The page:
Susac syndrome (microangiopathy of ear, brain and eye) is a disorder in which deafness, reduced vision, and encephalopathy may all present simultaneously. The encephalopathy manifests with headache, confusion, memory loss, behavioral changes, dysarthria and occasional mutism. The hearing loss is usually bilateral and accompanied by tinnitus and vertigo. According to Susac, it is generally a low-frequency sensorineural loss, resembling that of Meniere's disease. The reduced vision is caused by retinal artery occlusions. MRI images, which are invariably abnormal, reveal multifocal white matter lesions, including the corpus callosum (Susac et al, 2004). This is an unusual location for a white matter lesion as it is not found in the more common types of demyelinating disease, such as MS. Treatment is with immunosuppresants (Clement et al, 2003).

Not all individuals with bilateral sensorineural hearing loss have autoimmune disease. Genetic defects, infections, toxins, advanced age, noise exposure, and conditions of mysterious origin all account for some cases.

How Common is Autoimmune Inner Ear Disease ?

AIED is rare, probably accounting for less than 1% of all cases of hearing impairment or dizziness. The precise incidence is controversial. About 16% of persons with bilateral Meniere's disease, and 6% of persons with Meniere's disease of any variety may be due to immune dysfunction.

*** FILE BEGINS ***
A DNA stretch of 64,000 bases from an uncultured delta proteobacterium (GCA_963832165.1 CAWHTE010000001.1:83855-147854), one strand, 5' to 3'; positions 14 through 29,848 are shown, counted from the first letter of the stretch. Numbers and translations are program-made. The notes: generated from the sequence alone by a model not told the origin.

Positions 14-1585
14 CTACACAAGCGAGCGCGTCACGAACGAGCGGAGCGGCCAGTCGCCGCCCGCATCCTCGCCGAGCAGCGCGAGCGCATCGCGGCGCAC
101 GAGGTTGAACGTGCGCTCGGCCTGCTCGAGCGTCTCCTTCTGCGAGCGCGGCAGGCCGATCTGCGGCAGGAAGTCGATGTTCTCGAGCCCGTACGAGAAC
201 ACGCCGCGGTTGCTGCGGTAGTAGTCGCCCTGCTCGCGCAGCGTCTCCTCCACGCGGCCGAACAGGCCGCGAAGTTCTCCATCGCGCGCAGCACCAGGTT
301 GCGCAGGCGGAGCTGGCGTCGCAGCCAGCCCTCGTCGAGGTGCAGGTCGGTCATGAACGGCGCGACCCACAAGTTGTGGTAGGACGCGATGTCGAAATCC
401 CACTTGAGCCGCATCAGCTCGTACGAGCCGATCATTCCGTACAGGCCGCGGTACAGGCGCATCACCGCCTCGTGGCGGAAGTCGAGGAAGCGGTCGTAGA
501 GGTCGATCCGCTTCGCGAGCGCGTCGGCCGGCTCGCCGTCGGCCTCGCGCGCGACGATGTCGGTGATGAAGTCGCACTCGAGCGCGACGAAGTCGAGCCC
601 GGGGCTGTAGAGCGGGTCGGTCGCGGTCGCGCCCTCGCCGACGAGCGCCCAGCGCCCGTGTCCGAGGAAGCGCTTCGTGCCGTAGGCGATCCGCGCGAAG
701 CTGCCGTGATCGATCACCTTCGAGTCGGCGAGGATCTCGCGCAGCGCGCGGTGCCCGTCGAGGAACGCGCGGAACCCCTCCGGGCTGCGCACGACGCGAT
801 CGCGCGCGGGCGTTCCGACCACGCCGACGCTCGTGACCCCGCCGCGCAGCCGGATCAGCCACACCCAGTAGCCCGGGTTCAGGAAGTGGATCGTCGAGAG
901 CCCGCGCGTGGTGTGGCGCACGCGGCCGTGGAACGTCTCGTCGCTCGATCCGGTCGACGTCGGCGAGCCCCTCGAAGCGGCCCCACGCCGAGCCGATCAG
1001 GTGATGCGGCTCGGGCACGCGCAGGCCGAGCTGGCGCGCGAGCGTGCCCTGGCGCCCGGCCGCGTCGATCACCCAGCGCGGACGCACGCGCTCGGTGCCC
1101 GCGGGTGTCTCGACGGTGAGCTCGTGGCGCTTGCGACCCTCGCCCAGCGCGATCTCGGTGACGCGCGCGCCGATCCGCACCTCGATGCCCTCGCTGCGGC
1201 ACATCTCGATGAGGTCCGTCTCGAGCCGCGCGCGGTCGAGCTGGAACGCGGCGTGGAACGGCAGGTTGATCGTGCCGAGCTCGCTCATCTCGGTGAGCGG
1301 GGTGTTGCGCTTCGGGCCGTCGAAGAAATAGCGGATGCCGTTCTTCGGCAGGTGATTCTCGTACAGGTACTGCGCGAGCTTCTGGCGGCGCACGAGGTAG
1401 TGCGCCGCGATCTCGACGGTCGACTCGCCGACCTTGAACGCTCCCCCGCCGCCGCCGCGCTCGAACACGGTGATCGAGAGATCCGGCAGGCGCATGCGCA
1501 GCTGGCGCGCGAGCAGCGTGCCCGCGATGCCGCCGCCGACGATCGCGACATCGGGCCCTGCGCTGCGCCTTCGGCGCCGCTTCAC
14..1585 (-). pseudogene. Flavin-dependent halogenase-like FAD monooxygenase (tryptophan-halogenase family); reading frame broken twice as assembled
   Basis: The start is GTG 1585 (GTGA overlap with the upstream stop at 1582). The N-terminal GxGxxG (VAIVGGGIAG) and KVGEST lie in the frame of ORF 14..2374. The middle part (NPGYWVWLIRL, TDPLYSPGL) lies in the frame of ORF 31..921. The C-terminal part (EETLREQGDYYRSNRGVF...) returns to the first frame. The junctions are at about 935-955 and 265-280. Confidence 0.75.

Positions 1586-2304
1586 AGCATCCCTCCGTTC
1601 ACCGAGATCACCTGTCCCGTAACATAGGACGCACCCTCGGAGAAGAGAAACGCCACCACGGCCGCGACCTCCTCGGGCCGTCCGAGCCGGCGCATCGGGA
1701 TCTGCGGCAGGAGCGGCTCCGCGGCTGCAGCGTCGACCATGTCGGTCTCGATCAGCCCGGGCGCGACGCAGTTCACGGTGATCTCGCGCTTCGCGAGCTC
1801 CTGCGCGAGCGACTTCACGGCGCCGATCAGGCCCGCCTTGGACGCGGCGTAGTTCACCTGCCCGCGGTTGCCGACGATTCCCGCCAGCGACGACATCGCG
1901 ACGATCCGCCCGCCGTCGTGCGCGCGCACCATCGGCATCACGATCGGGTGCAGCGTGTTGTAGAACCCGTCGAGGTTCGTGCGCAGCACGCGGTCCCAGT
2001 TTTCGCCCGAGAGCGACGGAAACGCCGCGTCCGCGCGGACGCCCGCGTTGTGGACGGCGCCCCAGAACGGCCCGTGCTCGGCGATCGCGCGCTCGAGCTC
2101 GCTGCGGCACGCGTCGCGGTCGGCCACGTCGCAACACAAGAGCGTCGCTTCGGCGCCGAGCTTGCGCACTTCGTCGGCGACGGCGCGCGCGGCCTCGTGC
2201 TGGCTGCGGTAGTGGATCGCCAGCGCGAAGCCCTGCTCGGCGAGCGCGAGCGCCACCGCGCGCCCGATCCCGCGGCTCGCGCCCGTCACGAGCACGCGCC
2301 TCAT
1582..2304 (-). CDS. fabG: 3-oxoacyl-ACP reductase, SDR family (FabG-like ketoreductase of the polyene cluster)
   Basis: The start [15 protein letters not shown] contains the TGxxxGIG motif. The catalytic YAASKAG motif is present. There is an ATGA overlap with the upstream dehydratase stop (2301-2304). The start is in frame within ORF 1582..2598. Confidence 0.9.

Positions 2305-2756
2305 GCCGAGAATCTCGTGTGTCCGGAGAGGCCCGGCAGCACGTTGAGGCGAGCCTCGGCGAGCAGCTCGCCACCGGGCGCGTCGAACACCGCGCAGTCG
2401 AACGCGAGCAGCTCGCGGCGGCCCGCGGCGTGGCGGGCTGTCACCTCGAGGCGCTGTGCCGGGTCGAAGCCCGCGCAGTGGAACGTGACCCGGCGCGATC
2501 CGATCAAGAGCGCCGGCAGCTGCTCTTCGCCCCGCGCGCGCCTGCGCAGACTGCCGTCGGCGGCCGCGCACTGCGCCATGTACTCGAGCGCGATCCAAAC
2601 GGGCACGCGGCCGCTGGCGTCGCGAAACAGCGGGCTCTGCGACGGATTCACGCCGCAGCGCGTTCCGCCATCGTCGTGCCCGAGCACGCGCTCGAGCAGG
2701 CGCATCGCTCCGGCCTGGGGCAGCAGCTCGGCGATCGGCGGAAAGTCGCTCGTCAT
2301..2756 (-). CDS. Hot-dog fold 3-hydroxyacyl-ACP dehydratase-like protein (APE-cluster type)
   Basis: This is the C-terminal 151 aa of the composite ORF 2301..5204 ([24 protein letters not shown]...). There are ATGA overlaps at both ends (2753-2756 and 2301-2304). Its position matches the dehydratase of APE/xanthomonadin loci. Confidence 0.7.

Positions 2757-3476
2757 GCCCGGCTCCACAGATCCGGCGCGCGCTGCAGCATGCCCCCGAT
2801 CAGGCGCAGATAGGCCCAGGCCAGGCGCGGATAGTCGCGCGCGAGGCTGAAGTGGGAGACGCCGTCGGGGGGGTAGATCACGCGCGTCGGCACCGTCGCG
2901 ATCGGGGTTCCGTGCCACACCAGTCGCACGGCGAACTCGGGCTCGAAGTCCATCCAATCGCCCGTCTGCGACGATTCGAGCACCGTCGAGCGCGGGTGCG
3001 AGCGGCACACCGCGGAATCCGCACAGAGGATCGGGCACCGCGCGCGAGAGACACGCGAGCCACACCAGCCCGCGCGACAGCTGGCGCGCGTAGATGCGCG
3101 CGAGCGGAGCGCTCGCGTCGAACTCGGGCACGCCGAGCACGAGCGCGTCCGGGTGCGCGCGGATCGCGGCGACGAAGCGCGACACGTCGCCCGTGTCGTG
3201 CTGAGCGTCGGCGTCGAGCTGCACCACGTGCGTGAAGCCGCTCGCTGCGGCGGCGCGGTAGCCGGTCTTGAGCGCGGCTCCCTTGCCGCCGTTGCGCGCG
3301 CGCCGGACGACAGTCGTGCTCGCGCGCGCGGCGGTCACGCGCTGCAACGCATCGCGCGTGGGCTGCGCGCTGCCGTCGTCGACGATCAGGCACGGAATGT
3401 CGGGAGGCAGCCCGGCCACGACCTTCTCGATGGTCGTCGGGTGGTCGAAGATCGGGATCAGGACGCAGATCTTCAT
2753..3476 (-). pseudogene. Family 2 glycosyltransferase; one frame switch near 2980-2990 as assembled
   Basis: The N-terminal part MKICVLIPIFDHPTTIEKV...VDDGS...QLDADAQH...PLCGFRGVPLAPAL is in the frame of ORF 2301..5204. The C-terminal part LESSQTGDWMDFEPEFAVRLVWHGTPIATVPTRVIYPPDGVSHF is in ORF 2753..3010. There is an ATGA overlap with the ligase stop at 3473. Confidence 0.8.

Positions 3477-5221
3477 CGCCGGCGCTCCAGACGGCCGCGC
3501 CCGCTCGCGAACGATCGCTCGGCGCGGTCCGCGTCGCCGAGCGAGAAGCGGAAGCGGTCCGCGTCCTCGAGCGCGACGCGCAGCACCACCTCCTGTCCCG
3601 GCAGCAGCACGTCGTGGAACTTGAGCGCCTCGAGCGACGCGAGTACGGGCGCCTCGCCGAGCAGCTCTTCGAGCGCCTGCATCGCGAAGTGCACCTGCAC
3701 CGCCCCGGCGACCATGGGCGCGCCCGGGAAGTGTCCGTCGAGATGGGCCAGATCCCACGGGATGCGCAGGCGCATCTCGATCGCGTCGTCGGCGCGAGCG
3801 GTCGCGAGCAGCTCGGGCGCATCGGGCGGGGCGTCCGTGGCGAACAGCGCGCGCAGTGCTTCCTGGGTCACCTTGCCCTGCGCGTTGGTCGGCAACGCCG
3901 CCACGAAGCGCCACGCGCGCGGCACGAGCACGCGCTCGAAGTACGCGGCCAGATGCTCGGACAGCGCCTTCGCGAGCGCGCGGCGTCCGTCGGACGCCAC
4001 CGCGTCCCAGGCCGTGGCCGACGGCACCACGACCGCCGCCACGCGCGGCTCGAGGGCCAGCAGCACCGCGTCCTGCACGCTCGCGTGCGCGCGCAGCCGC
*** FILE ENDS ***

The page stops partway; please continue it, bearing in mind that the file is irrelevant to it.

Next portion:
What Causes Autoimmune Inner Ear Disease ?

Stress is a big cause of vertigo, Menieres disease and AEID, stress will trigger immune dysfunction and lead to ear problems. Prayer and reduction in stress will help improve this condition.

The cause of AIED is generally assumed to be related to either antibodies or immune cells that cause damage to the inner ear. There are several theories as to how these might arise, analogously to other putatative autoimmune disorders:

Cross-reactions: In this theory, antibodies or rogue T-cells cause accidental inner ear damage because the ear shares common antigens with a potentially harmful substance, virus or bacteria that the body is fighting off. This is presently the favored theory of AIED. COCH5B2 has recently been reported to be a target antigen in AIED (Boulassel et al, 2001).

Intolerance: The ear, like the eye may be only an partially "immune privileged" locus, meaning that the body may not know about all of the inner ear antigens, and when they are released (perhaps following surgery or an infection), the body may wrongly mount an attack on the "foreign" antigen.